What happened last week in Paris is the clash of these two opposite cultures’ pictorial representation of the divine in relationship to the public life dominated by secularism (la laïcité) and the modern concept of desacralization. What is shocking for the French is the growing of an extra-national repressive force (like the Koranic law in the public life with total disregard for the laws and traditions of the land, threatening the structure of a long national culture and tradition of freedom of expression seen as a necessary balance of power). These cartoonists are seen as the Guardians of “Good Sense” and the Fierce Opponents of Hypocrisy, in the same way as the Late Shows broadcasts in the U.S.A.
The effect of the Charlie Hebdo terrorist attack will be a failure for the extreme Muslims if their mission was to kill this kind of representation in France (the terrorists declared: We killed Charlie Hebdo and avenged the Prophet) and to prevent any more cartoons on Mahomet. There was powerful and unexpected support of Charlie Hebdo by 1.5 million street protesters; moreover, the following edition of Charlie Hebdo on Wednesday, Jan. 14, sold seven million copies (instead of the usual 60,000), is out of print,and issues have already sold at a higher price on eBay– with a new picture of the prophet saying: “All is forgiven” and carrying the sign “I am Charlie.”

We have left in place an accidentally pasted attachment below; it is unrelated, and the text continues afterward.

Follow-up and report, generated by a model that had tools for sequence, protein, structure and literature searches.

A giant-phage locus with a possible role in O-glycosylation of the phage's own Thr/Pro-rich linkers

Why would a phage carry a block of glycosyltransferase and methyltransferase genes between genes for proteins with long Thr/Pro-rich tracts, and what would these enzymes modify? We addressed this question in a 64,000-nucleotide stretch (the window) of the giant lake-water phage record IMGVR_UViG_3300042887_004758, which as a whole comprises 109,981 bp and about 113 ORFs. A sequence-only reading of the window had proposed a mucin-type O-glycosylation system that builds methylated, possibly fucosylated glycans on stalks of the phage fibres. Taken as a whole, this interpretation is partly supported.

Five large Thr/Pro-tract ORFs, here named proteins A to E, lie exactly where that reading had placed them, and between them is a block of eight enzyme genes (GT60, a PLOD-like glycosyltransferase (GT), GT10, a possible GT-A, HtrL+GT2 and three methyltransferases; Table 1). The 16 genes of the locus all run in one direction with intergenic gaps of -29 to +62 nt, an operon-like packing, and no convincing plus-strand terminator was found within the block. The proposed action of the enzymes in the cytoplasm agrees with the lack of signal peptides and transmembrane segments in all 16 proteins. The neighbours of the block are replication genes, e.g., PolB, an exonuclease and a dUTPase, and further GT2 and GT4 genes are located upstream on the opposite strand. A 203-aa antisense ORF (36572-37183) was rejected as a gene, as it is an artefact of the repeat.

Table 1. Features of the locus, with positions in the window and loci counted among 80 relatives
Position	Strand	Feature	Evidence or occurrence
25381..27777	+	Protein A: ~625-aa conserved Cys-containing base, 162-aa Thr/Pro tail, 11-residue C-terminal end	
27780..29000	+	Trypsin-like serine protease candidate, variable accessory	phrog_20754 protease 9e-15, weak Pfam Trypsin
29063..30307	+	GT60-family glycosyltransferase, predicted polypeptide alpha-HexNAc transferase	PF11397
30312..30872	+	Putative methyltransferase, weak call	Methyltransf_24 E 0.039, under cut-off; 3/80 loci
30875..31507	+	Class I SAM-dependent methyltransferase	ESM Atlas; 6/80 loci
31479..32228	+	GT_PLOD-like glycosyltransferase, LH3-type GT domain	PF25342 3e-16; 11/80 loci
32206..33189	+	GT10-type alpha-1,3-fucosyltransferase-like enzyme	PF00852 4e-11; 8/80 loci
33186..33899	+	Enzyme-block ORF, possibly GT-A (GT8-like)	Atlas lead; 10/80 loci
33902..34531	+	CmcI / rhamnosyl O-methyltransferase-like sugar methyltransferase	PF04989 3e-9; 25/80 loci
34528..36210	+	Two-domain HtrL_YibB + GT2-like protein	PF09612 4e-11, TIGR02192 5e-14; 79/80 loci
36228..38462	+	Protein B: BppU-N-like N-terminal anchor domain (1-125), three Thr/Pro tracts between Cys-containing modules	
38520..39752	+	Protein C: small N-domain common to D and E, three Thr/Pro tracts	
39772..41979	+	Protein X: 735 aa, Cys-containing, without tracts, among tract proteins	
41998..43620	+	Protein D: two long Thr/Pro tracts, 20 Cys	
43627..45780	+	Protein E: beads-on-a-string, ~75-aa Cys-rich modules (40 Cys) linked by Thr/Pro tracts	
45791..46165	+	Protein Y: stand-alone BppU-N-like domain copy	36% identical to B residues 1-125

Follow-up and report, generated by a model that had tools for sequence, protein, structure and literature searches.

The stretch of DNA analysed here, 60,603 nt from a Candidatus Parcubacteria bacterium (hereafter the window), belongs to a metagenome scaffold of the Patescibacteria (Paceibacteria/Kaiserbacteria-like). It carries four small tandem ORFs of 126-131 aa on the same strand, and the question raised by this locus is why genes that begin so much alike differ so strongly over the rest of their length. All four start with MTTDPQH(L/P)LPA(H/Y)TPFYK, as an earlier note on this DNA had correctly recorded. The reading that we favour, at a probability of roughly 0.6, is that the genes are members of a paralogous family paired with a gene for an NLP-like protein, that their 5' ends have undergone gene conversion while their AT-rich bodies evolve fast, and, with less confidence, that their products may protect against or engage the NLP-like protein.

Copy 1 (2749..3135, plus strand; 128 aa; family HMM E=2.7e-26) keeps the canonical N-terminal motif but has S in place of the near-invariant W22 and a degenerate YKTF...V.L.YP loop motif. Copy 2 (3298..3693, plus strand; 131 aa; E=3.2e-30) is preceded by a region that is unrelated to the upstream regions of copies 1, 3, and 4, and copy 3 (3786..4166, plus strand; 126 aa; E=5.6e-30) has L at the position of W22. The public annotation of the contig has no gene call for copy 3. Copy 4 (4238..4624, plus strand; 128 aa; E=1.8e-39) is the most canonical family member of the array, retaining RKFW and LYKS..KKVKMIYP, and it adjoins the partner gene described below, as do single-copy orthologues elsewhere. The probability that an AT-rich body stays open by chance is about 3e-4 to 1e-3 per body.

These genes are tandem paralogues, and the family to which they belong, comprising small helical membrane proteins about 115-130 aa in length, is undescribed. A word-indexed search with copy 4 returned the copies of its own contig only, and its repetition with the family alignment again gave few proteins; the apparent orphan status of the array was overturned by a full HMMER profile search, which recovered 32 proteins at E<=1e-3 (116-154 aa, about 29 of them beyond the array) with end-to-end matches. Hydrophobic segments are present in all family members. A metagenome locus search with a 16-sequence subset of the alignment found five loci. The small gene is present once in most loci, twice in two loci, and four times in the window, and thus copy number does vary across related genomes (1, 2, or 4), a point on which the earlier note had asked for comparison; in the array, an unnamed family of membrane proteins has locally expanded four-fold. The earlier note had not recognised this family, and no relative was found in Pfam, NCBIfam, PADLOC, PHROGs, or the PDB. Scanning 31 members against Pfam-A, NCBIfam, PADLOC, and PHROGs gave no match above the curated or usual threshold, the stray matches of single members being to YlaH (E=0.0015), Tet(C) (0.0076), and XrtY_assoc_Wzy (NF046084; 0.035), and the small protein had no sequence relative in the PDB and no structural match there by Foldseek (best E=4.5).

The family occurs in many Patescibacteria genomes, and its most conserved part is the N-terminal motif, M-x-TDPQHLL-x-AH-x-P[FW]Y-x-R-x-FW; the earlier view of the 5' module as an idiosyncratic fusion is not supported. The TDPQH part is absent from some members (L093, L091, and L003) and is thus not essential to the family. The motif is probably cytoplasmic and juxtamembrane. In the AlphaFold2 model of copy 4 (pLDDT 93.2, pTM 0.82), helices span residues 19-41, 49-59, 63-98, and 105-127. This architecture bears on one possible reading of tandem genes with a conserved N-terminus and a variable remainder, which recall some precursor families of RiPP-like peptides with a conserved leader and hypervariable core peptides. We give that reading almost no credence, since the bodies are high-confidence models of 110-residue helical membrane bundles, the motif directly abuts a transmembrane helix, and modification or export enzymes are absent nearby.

These prove that the magazine is not dead and that the attack failed to prevent any future pictorial representation of the prophet. Kill one cartoonist in France and 10 more will rise up to replace him/her. We have already seen a lot of violent counter-manifestations (mainly in Islam Africa) against Charlie Hebdo’s last recidivist action in retaliation.
Some people even say we are on the verge of the third world war around this heated debate. Even the concept of Democracy we enjoy in the Western world and have fought for in revolutionary wars requires the coexistence of political and religious diversity (secularism and religion) by allowing a unilateral and unequivocal freedom of expression as a guardian of a society that is made of a multiplicity of humans and beliefs.
“Laughter is specific to men,” says Rabelais, the famous 16th century French author in his introduction of “Gargantua,” a book seen as one of the promoters of the carnaval-esque French tradition. If laughter and humor are that specific to our species as a fuse for our own excesses and tensions, it is fundamental to fight to keep it alive and active, but how we proceed to use it requires wisdom and meditation. Jesus was not mild when talking about the Pharisees’ hypocrisy and calling them “snake tongued,” “hypocrite” and “viper breed.” His powerful words are another example of provocation that allows fundamental change of behavior….
Dr. Alain Lescart, PhD in French Literature and Master in Theology.